Sarcoidosis: Know Your Risk
Karla Robinson, MD
Sarcoidosis is an inflammatory disease affecting multiple organ systems in the body. Often times undiagnosed or misdiagnosed, the cause of this potentially life-threatening disease is still unknown. Once regarded as rare, it is now believed that there are many people living with sarcoidosis without ever knowing it. It is a disease in which the African American community is at highest risk with an estimated 40 in 100,000 Blacks affected in this country.
Since sarcoidosis can affect multiple organs in the body, its symptoms can manifest in a variety of ways. They are often times vague, but can include cough, shortness of breath, chest pain, general fatigue, achiness, lymph node swelling (lymphadenopathy), skin and eye lesions, muscle weakness and arthritis, kidney disease, heart disease, neurologic, gastrointestinal, and reproductive changes.
Diagnosing sarcoidosis can be difficult, with it being most often diagnosed in young patients between the ages of 20-40 years old. Although it can affect virtually every organ system in the body, over 90% of people with sarcoidosis have some form of lung involvement. Sarcoidosis patients often complain of developing a new cough, shortness of breath, and chest pain. A chest x-ray would then be performed revealing abnormal changes consistent with sarcoidosis. These findings prompt further testing leading to an official diagnosis of sarcoidosis. In approximately 50% of cases, sarcoidosis is detected by accident with abnormal changes found on a routine chest x-ray prior to developing any symptoms of the disease.
The severity of sarcoidosis varies from person-to-person with some experiencing virtually no symptoms, and others having a much more difficult course. It is estimated that 5% of sarcoidosis patients die as a result of their disease. However, the actual rate of death from complications of the disease or from its treatment is presumably much higher. Inflammatory changes in the lungs from chronic sarcoidosis can cause them to be stiff and hardened, leaving the patient unable to exchange oxygen very well. Inflammatory changes in the heart can lead to heart rhythm problems and the inability of the heart muscle to pump efficiently and effectively. Approximately 15% of sarcoidosis patients can develop neurological damage leading to nerve problems, weakness, seizures, and mood or behavioral changes. A common manifestation of sarcoidosis in the kidneys is the development of kidney stones, and chronic inflammation leading to abnormal kidney function. 1 out of every 5 people with sarcoidosis can have changes involving the eyes. It can lead to blindness if left untreated as the inflammatory changes cause damage to the structures of the eye.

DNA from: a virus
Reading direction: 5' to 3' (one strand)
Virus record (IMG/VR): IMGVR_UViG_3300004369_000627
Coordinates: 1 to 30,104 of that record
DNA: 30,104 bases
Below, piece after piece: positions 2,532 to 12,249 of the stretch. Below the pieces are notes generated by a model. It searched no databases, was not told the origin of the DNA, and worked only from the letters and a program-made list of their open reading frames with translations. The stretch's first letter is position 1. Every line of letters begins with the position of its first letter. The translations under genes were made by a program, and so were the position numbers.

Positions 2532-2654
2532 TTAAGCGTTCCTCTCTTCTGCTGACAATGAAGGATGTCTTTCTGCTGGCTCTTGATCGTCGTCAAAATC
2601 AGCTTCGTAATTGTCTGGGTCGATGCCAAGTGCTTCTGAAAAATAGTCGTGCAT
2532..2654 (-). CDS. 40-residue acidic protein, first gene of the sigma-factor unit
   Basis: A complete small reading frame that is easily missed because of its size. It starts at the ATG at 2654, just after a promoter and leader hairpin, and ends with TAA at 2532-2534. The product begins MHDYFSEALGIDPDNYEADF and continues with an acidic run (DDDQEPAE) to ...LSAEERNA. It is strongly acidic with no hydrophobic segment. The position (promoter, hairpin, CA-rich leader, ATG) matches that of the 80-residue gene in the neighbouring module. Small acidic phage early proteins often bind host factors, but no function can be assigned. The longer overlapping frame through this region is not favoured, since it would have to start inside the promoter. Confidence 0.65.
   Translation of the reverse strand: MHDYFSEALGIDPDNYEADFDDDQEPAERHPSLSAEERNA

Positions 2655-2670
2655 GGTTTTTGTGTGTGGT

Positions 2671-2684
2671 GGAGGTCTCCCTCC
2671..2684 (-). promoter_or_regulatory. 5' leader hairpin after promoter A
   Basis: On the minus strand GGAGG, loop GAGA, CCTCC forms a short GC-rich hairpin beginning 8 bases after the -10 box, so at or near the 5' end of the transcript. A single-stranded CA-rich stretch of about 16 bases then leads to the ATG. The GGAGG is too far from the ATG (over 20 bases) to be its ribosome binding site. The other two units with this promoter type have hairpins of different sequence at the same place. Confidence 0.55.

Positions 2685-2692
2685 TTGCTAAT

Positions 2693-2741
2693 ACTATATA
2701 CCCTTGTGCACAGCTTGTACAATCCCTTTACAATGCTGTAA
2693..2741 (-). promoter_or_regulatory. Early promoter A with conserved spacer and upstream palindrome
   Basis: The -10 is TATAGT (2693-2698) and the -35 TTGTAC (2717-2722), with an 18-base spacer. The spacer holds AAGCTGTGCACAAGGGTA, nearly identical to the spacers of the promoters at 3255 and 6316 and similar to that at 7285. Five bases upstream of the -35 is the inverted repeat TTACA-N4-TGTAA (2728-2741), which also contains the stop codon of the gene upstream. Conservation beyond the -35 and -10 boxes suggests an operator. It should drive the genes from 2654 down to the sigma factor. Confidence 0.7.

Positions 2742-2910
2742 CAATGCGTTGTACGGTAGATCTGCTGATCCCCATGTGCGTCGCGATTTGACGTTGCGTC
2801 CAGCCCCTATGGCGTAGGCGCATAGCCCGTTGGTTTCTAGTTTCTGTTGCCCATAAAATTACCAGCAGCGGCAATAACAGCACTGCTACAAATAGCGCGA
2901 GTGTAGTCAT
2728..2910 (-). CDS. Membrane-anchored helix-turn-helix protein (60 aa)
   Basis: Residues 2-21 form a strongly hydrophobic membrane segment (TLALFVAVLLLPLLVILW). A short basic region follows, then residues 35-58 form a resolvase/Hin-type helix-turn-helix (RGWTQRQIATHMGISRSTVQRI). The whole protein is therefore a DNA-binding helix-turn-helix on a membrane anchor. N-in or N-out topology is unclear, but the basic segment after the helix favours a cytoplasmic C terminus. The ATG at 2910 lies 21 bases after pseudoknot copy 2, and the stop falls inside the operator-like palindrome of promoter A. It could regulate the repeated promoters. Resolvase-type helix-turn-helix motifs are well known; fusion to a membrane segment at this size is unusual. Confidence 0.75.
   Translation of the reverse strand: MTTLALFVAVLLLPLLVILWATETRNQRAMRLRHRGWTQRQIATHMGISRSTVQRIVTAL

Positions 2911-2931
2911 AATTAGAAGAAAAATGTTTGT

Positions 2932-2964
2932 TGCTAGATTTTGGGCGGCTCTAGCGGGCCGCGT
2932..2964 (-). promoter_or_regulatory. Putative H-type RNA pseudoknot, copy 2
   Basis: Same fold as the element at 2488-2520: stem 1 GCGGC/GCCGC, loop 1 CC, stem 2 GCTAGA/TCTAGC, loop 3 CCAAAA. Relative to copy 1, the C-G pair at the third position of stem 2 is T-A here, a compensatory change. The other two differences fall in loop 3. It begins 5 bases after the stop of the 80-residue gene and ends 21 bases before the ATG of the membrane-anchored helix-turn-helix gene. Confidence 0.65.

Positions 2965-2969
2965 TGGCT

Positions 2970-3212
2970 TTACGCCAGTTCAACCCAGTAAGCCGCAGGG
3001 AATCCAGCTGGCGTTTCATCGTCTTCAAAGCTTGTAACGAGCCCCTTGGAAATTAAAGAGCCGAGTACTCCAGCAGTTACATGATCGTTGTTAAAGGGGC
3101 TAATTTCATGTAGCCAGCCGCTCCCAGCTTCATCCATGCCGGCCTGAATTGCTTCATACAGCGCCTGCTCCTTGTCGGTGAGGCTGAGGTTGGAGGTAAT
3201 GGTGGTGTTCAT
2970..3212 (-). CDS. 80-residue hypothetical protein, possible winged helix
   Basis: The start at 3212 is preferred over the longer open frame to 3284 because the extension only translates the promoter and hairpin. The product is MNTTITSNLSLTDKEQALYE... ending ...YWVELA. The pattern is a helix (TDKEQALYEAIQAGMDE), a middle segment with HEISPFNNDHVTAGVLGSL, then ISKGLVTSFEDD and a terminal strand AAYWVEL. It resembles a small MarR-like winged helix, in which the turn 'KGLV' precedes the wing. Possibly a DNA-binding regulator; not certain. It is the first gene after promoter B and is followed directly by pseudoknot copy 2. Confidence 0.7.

The majority of those diagnosed with sarcoidosis go on to a state of remission with resolution of the inflammation without permanent debilitating effects. However, for more than 25% of sarcoidosis patients, the inflammatory changes throughout the body are progressive, and chronic treatment is necessary. The most common form of treatment for sarcoidosis is steroid therapy to decrease the widespread inflammation caused by the disease. Steroid therapy is not without consequence however, with adverse effects including weight gain, heart disease, high cholesterol, diabetes, intestinal bleeding, ulcers, osteoporosis, muscle weakness, and an increased risk of infection. Other more experimental treatments with drugs that suppress the immune system are also used in those unable to tolerate steroid therapy, or in those who don’t respond to it. These medicines also have serious side effects, often times leaving the patient weak and prone to infections.
Despite ongoing research, there is still so much more to learn about this disease. Streamlined methods of early detection and innovative treatments that are easier to tolerate are still needed to ease the burden of those suffering with sarcoidosis. If you or a loved one happens to be dealing with a sarcoidosis diagnosis, know that you are not alone. There are several nationwide organizations, support groups, and foundations dedicated to the cause of increasing the awareness of sarcoidosis in the Black community. If you need more information visit the Foundation for Sarcoidosis Research online at www.stopsarcoidosis.org.